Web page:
For more information about Goodwill’s programs and our 18 convenient locations in Omaha, Bellevue, Papillion, Fremont, Blair, Gretna and Council Bluffs, please visit GoodwillOmaha.org.

###

 

United Way of the Midlands Awards $15,000 to Goodwill Industries

The grant will fund Goodwill Omaha’s YouthBuild program.

OMAHA, Neb., Aug. 21, 2020 — Goodwill Industries, Inc., in Omaha (Goodwill Omaha) is pleased to announce it was recently awarded a $15,000 one-year grant from United Way of the Midlands. Thanks to the generosity of the United Way donors, Goodwill Omaha will invest in virtual learning technology and tools for its YouthBuild program, which provides educational opportunities for at-risk youth ages 16 to 24.

The YouthBuild program gives disadvantaged youth who have struggled with school a second chance by providing education, training and career paths in the construction trades. Many of Goodwill Omaha’s YouthBuild students are underemployed or don’t have high school diplomas. As program participants, the students also earn their GEDs and receive leadership training and ongoing support from Goodwill’s team.

The COVID-19 pandemic has created unique challenges for Goodwill Omaha’s YouthBuild students, most notably when the organization temporarily closed for eight weeks between March 23 and May 18 this year. During this shutdown, YouthBuild trainers and case managers were challenged with keeping their students engaged and on track with their GED studies and testing at a time when the potential for recidivism was significantly increased.

With the help of this grant, the YouthBuild program is able to offer updated and extended virtual learning opportunities to students in situations when classroom learning isn’t possible. With the new ability to keep students engaged and interested in the program whether they’re in the classroom or interacting with the trainer or class virtually, Goodwill Omaha can increase GED and program completion rates of YouthBuild participants.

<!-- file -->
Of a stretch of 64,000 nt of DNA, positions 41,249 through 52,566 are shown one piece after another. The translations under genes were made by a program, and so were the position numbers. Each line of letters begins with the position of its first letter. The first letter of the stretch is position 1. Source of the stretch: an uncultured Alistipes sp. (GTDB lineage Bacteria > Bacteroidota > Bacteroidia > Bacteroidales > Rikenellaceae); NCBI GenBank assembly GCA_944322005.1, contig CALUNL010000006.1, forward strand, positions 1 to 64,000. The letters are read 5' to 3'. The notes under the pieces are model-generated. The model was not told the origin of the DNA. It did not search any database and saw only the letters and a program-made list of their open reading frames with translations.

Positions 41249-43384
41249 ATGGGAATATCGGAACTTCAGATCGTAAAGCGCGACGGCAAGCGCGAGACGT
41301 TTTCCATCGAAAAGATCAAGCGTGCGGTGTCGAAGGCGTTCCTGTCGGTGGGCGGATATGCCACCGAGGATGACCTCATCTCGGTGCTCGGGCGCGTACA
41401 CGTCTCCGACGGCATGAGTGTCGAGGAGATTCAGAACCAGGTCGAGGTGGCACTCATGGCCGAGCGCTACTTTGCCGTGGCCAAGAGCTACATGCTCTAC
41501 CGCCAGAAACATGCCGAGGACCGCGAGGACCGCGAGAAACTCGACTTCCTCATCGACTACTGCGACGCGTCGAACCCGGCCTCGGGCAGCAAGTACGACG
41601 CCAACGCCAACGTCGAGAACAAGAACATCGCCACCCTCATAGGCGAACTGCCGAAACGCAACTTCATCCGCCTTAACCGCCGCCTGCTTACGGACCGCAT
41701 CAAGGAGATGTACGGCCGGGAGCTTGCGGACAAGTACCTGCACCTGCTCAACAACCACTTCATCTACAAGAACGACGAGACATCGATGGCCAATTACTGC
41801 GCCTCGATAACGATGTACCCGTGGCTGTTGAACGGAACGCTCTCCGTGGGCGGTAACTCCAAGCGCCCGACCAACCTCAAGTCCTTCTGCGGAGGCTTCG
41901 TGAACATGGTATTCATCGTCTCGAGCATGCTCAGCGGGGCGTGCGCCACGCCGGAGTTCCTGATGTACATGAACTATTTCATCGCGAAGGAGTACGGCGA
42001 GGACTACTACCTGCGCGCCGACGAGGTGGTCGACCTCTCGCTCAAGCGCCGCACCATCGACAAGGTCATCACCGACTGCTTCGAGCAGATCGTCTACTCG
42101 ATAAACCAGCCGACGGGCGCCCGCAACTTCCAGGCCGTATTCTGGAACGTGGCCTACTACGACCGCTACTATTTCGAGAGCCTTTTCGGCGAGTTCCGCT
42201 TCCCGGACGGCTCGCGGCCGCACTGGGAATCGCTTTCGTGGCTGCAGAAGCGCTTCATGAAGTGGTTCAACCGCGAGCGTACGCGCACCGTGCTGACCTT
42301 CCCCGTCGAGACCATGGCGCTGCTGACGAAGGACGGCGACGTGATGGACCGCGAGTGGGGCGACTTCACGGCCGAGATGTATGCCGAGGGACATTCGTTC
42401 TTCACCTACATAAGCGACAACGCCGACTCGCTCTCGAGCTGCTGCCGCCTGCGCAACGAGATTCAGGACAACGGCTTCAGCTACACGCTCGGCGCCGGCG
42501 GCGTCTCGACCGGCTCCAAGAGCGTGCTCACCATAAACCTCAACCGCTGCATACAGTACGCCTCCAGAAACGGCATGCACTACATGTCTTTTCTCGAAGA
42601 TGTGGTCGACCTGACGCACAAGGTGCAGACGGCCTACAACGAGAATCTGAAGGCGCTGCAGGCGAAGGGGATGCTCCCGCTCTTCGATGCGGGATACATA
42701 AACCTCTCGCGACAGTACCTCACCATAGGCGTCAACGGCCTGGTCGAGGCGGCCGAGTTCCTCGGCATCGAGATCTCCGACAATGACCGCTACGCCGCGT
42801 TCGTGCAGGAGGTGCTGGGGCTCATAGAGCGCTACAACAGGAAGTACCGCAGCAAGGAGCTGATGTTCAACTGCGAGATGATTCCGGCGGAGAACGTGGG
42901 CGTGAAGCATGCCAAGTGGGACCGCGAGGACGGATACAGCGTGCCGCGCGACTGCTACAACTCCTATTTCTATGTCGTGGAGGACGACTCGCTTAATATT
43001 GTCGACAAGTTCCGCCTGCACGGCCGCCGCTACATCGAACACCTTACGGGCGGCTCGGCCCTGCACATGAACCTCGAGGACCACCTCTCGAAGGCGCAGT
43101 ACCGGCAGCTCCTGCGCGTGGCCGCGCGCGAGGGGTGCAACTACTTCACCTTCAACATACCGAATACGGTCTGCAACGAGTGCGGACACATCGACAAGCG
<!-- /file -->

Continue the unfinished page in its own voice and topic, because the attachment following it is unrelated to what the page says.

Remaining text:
Yasmine Lewis, a YouthBuild participant, said the program has exceeded her expectations. “I learned more than I thought I would,” Lewis said. “They go beyond the stars here to show us we shine.”

“This is an incredibly generous and much-needed gift for our YouthBuild program and students,” said Tobi Mathouser, president and CEO at Goodwill Omaha. “These young adults truly want a second chance at finding long-term, stable career paths — that’s why they came to Goodwill in the first place. But many of them may not have strong support systems at home or among their peer groups.

“That’s why it’s crucial that we keep them interested in the program and connected with our team and the other participants,” Mathouser continued. “Although we don’t anticipate another full shutdown due to the current pandemic, a participant may need to quarantine, either because they’ve been exposed to the coronavirus or they’re a caregiver for a high-risk individual. With this grant, our team will implement the tools they need to continue participants’ education and to conduct regular check-ins with them when in-class learning isn’t possible.”

 

About United Way of the Midlands

United Way of the Midlands (UWM) has served the Omaha-Council Bluffs metro for more than 95 years. Guided by best practices and community input, it approaches poverty in a specific way — a “united” way. With the support of volunteers, community partners and donors, UWM invests donor dollars efficiently and effectively in our local community. These dollars fund basic needs, education and financial stability programs at local nonprofits, creating a circle of support for people in need. Please visit unitedwaymidlands.org for more information.

 

About Goodwill Industries, Inc.

Many people know Goodwill Industries, Inc., Serving Eastern Nebraska and Southwest Iowa, as a place to donate used clothing and household items or find great bargains. But you might not know the mission at the heart of our organization: We provide job training and placement services to people with disabilities and other disadvantages. The sale of donated items sold in Goodwill retail stores supports our mission programs. Here’s how: People in the community donate gently used items to Goodwill. We sell those donated items in Goodwill retail stores. The proceeds from those sales subsidize our mission programs, giving thousands of individuals in the Omaha area the chance to earn a living, discover independence and succeed in life.

Goodwill provides opportunities through a variety of employment programs, including YouthBuild AmeriCorps, Employment Solutions and Work Experience. We also are affiliated with the federal AbilityOne program, which provides jobs at federal facilities to people with severe disabilities.

Goodwill is a private, 501(c)(3) not-for-profit agency governed by a local board of trustees. We are a member agency of Goodwill Industries International of Gaithersburg, Maryland, and accredited by the Commission on Accreditation of Rehabilitation Facilities (CARF).

For more information about Goodwill’s programs and our 18 convenient locations in Omaha, Bellevue, Papillion, Fremont, Blair, Gretna and Council Bluffs, please visit GoodwillOmaha.org.